3.  Took a bicycle repair class, bought a good, but basic tool kit, extra brake and shifting cables, etc.  Bought extra brake pads.  Some things I can repair, some things I cannot; just have to be careful.

4.  Bought a tent, sleeping bag (below zero rated), small table, camp chair, privacy tent, portable toilet, shower bag, two small fuel tab stoves, lantern, med kit, etc.  ALL of this fits into the trailer, with room to spare and about 65 lbs total weight.

5.  Set up a bank account that I can access via the Internet (have a handheld PC) with full wireless.  Bought MREs to last for about 6 months, will buy a bit of food as I need it along the way.  Also bought a collapsible fishing rod and small reel to fish if necessary.

I am preparing to leave and not work unless I have to do so.  I've been working at buying all of this material for the past year - total cost for trailer and gear, just under $800.00.  Not taxing my income too dramatically, but buying as I can afford to do so.  I'm almost where I need to be to take off.  I have a blog, but for now I'm leaving it private - until I'm really on the road and living the life full time.

Hope you doin't mind me dropping by and sharing a bit.

Follow me on Twitter:  https://twitter.com/BarefootCyclist

Offline Westinghouse

Re: Living on my bike
« Reply #38 on: April 25, 2009, 12:55:34 am »
It looks like you are preparing for an expedition, and for having a great time. A table and chair are more than I would carry, but I was looking at a journal on CGOAB.com, and one guy was hauling 100 lbs. in gear, much more than I ever would. How will you carry six months worth of MREs. If you are talking about the military style meals, they weigh quite a bit. I have read stories about people hiking the Appalachian Trail who hid MREs along their path ahead of time, and dug them up as they came to them.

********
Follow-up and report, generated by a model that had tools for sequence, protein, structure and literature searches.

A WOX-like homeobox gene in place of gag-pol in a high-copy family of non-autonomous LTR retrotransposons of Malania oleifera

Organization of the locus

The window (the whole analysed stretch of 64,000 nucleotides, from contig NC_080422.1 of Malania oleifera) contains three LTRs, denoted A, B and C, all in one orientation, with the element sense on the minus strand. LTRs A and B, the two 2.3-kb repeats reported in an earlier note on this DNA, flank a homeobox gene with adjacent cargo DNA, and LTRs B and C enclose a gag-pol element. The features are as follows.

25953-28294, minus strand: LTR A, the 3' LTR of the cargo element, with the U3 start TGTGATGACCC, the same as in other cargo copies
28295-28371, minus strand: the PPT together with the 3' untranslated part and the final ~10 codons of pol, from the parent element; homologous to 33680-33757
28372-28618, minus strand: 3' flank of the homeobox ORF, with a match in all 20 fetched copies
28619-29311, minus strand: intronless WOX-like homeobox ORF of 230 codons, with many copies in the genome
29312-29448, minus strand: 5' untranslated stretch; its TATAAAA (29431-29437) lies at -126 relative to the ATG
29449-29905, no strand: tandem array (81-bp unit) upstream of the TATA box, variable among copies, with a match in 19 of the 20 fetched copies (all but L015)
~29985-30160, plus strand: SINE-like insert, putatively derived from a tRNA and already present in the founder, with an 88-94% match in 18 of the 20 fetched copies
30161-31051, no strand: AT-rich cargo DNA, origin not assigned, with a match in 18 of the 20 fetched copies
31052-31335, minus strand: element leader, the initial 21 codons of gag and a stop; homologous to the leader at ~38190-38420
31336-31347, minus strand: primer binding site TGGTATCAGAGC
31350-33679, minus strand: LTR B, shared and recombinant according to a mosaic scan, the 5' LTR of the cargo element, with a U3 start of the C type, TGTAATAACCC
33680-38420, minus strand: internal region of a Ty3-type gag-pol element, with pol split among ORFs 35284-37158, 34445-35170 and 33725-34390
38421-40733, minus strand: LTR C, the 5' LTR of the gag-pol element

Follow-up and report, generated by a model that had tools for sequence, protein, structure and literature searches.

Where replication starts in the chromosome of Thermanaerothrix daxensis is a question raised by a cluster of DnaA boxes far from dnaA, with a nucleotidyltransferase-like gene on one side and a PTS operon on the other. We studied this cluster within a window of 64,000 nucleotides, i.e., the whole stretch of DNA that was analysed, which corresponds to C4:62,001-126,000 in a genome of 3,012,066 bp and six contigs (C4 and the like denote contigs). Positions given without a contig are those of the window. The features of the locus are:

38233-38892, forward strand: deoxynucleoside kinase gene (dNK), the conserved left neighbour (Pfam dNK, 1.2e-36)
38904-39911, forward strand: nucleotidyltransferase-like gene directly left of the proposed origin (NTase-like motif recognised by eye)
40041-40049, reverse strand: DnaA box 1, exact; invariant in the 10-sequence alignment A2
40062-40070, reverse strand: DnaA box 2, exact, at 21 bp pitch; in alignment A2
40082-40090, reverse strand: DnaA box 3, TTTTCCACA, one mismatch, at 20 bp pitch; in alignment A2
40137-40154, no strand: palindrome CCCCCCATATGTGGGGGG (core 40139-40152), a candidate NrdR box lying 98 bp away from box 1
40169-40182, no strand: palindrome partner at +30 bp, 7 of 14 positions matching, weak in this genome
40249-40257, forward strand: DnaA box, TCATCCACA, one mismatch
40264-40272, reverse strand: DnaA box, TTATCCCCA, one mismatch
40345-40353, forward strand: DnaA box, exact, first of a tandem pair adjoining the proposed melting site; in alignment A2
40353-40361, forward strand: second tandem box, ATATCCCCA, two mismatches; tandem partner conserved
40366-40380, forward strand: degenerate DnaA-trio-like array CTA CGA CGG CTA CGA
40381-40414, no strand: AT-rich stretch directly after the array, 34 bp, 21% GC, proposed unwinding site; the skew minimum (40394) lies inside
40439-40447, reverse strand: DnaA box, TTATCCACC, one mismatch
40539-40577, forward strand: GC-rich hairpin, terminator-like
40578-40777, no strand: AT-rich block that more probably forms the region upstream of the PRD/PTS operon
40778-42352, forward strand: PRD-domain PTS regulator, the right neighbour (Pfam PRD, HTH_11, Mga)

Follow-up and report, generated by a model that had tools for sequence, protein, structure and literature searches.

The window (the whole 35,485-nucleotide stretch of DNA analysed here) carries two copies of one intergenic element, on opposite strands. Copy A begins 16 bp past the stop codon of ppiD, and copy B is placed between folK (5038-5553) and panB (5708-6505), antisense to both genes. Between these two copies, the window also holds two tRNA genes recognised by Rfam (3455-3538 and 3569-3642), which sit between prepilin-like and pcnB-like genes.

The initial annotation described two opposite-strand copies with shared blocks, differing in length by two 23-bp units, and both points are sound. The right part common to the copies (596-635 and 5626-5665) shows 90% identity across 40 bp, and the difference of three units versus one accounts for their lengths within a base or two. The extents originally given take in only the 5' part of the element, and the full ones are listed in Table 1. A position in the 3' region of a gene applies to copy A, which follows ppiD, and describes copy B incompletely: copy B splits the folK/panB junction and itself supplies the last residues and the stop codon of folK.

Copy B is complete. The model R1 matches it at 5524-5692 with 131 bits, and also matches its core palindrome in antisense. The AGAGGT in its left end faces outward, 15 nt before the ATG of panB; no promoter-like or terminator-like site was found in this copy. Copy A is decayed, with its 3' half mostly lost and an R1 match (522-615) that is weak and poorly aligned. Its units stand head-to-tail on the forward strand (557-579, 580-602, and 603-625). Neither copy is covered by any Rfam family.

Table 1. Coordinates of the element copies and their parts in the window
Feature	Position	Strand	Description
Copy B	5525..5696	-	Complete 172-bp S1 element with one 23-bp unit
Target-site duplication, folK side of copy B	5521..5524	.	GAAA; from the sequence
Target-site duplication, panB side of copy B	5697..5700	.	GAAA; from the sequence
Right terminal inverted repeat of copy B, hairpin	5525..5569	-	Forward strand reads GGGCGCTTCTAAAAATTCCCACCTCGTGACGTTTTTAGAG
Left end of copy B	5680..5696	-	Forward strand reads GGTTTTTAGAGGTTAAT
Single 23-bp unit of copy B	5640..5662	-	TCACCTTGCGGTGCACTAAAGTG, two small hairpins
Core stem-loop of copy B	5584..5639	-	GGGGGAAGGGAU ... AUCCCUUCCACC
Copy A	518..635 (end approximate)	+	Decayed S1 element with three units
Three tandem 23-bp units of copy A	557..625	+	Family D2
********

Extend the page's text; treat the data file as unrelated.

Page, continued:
Offline Cycnus

Re: Living on my bike
« Reply #39 on: April 25, 2009, 10:21:30 am »
Hi Westinghouse -

The table folds flat and weighs 1 lb, 8oz total.  The chair weighs just over a pound.  MREs are no longer packed in cans, pouches now and they are very light weight.  I also bought some Datrex food bars that have about 3,600 calories and are something I've used for hiking and so on.  Very handy and they do the trick for a quick pick-me-up.  However, most of my things wiill be with my sister and I will have her ship them as I need them or pick them up as I will use her place as a staging area from time to time.  The MREs are one way of exploring the weight issue as you say, but I'm not carrying 6 months with me for now.  This is all a new experience for me (well, the biking around the country is) so I am trying to find a means of having a safe haven I can carry on my back, so to speak.  Most of the time I will pick up a few fresh fruits and vegetables and things I need as I camp.